AMHERST, Mass. - Willie L. Hill Jr., professor and administrator at the University of Colorado at Boulder, has been named director of the Fine Arts Center at the University of Massachusetts and appointed to a faculty position in the department of music and dance.
Hill is a professor of music education and assistant dean of academic programs at UC-Boulder’s College of Music. He holds a Ph.D. in music education from UC-Boulder and has a national and international reputation in music education and administration. A jazz saxophonist, he is also a performer, author, director, presenter, and conductor at the K-12 and collegiate levels. His latest CD, titled "Got Eyes For You" was released this past summer.
Cora B. Marrett, vice chancellor for academic affairs and provost, lauded Hill’s selection. She said: "Dr. Hill is an extremely well established educator and musician. His leadership skills and his national and international prominence will help the Fine Arts Center to build upon its current achievements and success."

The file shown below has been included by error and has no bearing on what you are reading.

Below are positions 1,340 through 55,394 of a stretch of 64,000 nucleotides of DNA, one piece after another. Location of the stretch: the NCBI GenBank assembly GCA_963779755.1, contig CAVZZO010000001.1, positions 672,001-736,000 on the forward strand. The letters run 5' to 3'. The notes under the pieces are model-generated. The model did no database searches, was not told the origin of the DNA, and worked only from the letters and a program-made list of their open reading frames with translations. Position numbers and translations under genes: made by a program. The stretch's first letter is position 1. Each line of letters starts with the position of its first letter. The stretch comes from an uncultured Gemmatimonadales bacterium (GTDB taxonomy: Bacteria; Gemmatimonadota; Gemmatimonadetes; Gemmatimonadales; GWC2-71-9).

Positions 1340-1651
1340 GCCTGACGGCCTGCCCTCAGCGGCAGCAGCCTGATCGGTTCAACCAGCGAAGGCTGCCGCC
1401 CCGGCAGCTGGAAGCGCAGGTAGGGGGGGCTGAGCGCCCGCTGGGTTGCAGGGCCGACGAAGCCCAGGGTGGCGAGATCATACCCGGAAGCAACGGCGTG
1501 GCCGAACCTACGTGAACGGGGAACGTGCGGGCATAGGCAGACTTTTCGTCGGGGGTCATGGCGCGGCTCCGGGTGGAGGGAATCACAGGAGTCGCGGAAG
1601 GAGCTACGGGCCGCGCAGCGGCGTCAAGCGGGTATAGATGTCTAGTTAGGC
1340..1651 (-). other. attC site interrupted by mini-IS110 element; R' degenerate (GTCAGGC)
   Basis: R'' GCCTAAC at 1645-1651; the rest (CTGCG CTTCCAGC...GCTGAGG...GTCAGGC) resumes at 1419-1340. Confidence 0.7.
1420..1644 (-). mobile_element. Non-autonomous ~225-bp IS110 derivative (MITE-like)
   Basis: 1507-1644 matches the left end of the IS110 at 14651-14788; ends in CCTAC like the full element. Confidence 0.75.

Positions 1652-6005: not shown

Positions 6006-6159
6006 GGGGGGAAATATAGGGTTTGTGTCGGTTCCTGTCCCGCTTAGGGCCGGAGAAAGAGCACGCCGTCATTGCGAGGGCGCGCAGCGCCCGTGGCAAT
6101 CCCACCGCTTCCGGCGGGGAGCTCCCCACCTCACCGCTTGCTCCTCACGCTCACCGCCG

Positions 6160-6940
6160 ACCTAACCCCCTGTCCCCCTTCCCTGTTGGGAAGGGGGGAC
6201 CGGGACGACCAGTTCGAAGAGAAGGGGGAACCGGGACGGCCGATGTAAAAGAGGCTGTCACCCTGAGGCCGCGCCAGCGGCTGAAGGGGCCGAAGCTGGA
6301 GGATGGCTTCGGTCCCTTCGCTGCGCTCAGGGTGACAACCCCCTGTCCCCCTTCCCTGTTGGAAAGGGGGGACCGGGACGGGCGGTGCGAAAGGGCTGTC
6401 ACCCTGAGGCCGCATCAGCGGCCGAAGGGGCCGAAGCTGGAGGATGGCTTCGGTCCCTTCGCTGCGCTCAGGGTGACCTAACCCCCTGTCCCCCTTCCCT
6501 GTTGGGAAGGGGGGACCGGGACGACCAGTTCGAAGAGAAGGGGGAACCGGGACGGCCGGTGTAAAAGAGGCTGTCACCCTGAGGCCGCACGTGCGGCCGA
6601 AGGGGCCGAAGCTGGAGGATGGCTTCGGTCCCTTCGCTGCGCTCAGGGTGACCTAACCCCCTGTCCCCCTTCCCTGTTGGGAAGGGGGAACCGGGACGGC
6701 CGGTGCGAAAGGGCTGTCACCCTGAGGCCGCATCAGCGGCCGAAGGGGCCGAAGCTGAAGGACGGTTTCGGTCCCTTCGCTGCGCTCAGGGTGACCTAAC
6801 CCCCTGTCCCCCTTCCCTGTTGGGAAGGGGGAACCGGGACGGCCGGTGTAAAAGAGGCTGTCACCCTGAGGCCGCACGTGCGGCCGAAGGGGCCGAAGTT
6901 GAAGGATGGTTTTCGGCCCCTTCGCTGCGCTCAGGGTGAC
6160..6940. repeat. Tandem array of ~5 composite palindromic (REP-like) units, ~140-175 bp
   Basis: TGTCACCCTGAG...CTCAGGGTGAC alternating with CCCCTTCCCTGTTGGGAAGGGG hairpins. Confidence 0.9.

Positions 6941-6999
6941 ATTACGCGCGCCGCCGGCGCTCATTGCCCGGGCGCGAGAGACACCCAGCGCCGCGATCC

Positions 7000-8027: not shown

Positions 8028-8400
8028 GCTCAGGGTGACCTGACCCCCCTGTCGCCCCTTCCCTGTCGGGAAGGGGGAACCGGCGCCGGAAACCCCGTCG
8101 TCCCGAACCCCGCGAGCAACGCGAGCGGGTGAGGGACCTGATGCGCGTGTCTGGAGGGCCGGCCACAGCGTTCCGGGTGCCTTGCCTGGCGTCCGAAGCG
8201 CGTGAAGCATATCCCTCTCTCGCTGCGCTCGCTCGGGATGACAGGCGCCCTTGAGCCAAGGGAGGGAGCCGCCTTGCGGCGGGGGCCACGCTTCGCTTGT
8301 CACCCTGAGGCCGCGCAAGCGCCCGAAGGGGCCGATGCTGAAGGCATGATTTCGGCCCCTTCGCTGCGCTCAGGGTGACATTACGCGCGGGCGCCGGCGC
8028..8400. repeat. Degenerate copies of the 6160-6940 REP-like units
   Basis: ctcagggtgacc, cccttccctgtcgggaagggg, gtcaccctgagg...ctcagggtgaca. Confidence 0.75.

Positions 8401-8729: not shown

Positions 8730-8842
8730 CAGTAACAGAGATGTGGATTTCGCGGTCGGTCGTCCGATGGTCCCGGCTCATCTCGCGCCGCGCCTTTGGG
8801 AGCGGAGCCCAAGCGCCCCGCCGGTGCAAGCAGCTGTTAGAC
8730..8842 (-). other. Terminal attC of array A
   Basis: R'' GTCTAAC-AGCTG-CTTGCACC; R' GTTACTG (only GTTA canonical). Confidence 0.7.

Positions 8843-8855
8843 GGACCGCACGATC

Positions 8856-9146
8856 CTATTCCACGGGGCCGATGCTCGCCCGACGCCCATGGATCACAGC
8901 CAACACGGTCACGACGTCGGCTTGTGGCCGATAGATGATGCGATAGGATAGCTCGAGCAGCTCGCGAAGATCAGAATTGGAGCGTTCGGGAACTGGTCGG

In January, Hill will be inaugurated as president of the International Association of Jazz Educators (IAJE), the largest jazz association in the world, according to Fine Arts Center Director Emeritus, Frederick C. Tillis. As vice president and president-elect of IAJE, Hill worked with many groups, including Black Entertainment Television (BET), Walt Disney World Creative Entertainment, the National Association of Music Merchants, and the National Association of Schools of Music to promote the cause of jazz education in the U.S. and abroad. The BET partnership resulted in a $500,000 grant to help fund the IAJE’s Partners in Jazz program for educational outreach.
As assistant dean, he helped recruit minority students to UC-Boulder, mainly through the establishment of the "Mile High Jazz Camp," now in its sixth year. The camp has attracted more than 1,200 students from 38 states and abroad, many of whom eventually enrolled in music at the school.
Hill’s recent publications and presentations include topics such as the role of the jazz educator in the public schools, music education in the 21st century, the meaning of the blues, early jazz in New Orleans, black musicians in jazz history, African American undergraduates at majority institutions, the contributions of African Americans in the U.S., and the value of arts education for children.
He and his wife will relocate to the area next summer when he joins UMass full-time.